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Feb 13, 2013 · 5 Replies

Employee Social Media Policies After NLRB Appointments Invalidated by Federal Court ... Everything You Know Is Wrong?

By David Harlow @dharlow

Everything You Know is Wrong graphicIn the latest chapter of some inside-the-Beltway wrangling over the validity of recess appointments by President Obama of National Labor Relations Board members, the DC Circuit Court of Appeals held the appointments to be invalid, thus invalidating all NLRB decisions in which these members had participated. These include, of course, some decisions touching on the regulation of employee use of social media by employees, whether or not the workforce is unionized. A number of the decisions made by the NLRB over time, and policies and principles to be drawn from the cases and the relevant law, are collected in three social media reports issued by the NLRB Office of General Counsel. (All three issued to date are linked to from the linked presser.) Some of the most recent NLRB social media cases are described in a recent news report which includes a question from an industry opponent of the Board's meddling as to why the NLRB is getting involved in social media regulation -- is it because of the shrinkage of labor unions and the declining relevance of the Board?

Some of the legal community's thoughts on the validity of the NLRB's social media views collected by Lance Godard suggest that we'll have to wait a while to see how this all shakes out before we can know what to do next ... but for now, Everything You Know is Wrong. Of course, in the real world, we do not have the luxury of waiting. Health care employers -- and all other employers -- need to know today what to ask of their workforces when it comes to appropriate use of social media.

The basic premise of the NLRB in entering the fray is that an employer may not limit employee discussion of conditions of employment (union shop or not) via social media, just as it may not in real life. Other speech on social media may be limited by employers on social media, just as it may be in real life. A crime reporter announcing publicly that his town needs more murders because he has nothing to write about may be fired whether he says it on Twitter -- them's the facts and holding of a recent NLRB case -- or through some other platform. I don't think we need to retreat and consider the principle behind this holding invalid while the inside-the-beltway much and mire is cleaned up.

The twin danger zones for employers have not changed in light of the invalidation of these NLRB rulings. It is always possible to over-regulate or under-regulate the use of social media by employees, whether during working hours or otherwise. Pollicies in this realm need to be informed by an understanding of the law, an understanding of what it means to be part of an employer's workforce in 2013, and an understanding of the uses and the powers of social media.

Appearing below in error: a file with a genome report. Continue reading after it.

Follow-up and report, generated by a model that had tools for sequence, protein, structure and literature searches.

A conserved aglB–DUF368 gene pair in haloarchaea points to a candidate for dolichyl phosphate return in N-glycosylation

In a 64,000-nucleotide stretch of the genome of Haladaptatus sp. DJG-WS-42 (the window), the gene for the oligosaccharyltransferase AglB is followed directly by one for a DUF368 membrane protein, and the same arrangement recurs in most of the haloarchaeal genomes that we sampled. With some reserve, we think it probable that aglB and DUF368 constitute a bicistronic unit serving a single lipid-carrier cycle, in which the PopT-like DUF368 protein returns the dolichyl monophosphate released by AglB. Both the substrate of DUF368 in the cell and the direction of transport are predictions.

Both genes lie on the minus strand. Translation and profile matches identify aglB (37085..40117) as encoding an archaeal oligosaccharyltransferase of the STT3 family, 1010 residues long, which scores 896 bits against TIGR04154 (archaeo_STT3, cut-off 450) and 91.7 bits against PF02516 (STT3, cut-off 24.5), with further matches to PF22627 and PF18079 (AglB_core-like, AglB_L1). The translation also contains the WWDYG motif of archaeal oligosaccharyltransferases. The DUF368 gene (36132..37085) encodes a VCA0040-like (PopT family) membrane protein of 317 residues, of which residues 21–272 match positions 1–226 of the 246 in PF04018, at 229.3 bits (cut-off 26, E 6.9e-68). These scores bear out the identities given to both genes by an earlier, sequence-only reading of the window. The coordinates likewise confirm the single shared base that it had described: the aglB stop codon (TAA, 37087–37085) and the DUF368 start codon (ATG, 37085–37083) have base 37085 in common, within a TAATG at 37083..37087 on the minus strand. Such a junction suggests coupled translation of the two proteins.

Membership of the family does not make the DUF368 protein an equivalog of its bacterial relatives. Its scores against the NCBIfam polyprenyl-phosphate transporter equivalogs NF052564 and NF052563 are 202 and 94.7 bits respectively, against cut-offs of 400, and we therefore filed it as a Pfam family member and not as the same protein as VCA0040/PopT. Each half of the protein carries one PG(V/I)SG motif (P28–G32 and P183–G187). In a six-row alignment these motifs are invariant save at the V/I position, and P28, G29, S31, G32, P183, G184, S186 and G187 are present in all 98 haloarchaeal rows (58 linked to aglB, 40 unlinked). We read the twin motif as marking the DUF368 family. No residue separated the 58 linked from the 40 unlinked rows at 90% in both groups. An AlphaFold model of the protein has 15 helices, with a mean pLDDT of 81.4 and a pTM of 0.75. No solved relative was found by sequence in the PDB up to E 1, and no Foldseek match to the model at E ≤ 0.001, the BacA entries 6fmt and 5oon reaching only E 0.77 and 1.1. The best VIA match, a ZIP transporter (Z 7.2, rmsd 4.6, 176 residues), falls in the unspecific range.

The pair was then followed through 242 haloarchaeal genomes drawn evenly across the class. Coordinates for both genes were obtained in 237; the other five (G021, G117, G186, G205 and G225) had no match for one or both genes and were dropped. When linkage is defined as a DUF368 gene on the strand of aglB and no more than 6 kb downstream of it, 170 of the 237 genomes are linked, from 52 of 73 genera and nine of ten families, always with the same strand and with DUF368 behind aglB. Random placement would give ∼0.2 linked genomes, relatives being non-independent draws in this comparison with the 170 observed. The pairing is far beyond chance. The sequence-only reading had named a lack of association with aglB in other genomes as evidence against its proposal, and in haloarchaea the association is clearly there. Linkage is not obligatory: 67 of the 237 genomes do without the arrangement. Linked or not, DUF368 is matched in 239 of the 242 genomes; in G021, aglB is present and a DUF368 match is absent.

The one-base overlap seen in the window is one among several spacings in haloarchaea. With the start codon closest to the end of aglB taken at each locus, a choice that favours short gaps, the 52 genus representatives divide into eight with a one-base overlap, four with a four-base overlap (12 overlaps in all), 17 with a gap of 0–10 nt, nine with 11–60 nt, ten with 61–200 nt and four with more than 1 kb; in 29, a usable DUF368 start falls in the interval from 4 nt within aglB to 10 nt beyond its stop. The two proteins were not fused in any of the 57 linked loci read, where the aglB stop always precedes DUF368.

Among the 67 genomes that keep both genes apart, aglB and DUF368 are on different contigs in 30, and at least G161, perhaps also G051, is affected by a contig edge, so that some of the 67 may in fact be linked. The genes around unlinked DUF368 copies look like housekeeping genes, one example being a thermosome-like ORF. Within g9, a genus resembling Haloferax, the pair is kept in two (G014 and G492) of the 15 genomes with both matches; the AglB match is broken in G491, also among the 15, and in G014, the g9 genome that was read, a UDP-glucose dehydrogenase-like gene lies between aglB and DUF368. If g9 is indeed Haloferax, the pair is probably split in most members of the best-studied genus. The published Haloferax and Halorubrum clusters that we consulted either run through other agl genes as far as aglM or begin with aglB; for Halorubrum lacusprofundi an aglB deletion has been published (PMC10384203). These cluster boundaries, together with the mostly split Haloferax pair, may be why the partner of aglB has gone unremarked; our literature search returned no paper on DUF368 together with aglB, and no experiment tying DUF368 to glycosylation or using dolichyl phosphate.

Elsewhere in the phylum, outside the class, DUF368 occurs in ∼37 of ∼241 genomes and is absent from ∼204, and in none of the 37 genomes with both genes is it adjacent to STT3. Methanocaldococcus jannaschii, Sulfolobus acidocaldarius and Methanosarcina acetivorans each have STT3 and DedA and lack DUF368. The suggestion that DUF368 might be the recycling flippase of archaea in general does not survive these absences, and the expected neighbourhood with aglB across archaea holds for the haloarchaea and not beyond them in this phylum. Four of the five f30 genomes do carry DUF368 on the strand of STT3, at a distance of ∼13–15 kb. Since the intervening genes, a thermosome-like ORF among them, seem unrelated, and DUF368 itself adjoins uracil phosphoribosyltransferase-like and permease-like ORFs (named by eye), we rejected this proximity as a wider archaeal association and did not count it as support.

David Harlow
The Harlow Group LLC
Health Care Law and Consulting

Tags: comment policies, David Harlow, Employee Policies, federal court, legal, legal issues, National Labor Relations Board, NLRB


Posted by @pfanderson, Feb 26, 2013

Hi, David, the "three social media reports issued by the NLRB Office of General Counsel" is a dead link. Could you please provide more information? I tried searching on their site and was unable to easily identify what might be the reports. Thanks!


Posted by @dharlow, Feb 26, 2013

Here is the link again; I hope this one works:

If not, the three individual reports may also be found here:


Posted by @ericschwartzman, Mar 12, 2013


The recess appointments issue aside, I can't imagine the NLRB is going to allow employers to restrict concerted, protected worker rights. But on the issue of HIPAA compliance, I'd be interested to know if you think worker rights outweigh patient privacy laws. For example, if an employee is being treated unfairly by patients, gets no relief from their supervisor and complains on social media to improve their working conditions, would that be permissible? I spoke with Dan Goldman at the Mayo Clinic about this yesterday ( and he believes patient privacy trumps collective bargaining. What do you think?


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Posted by @dharlow, Mar 19, 2013

Eric -- The NLRB rules create the category of protected concerted activity related to employment conditions. Having a frank conversation about employment conditions via social media would be fine, so long as the information about the particular patient in question was "de-identified." (In other words, I agree with Dan but do not think that the ability of employees to engage in protected concerted activity requires a breach of patient privacy.) -- David


Posted by @ericschwartzman, Mar 20, 2013


Did you listen to Dan's interview?

My take is you and Dan are in agreement. He said patient privacy outweighs labor's right to organize. Am I missing something?


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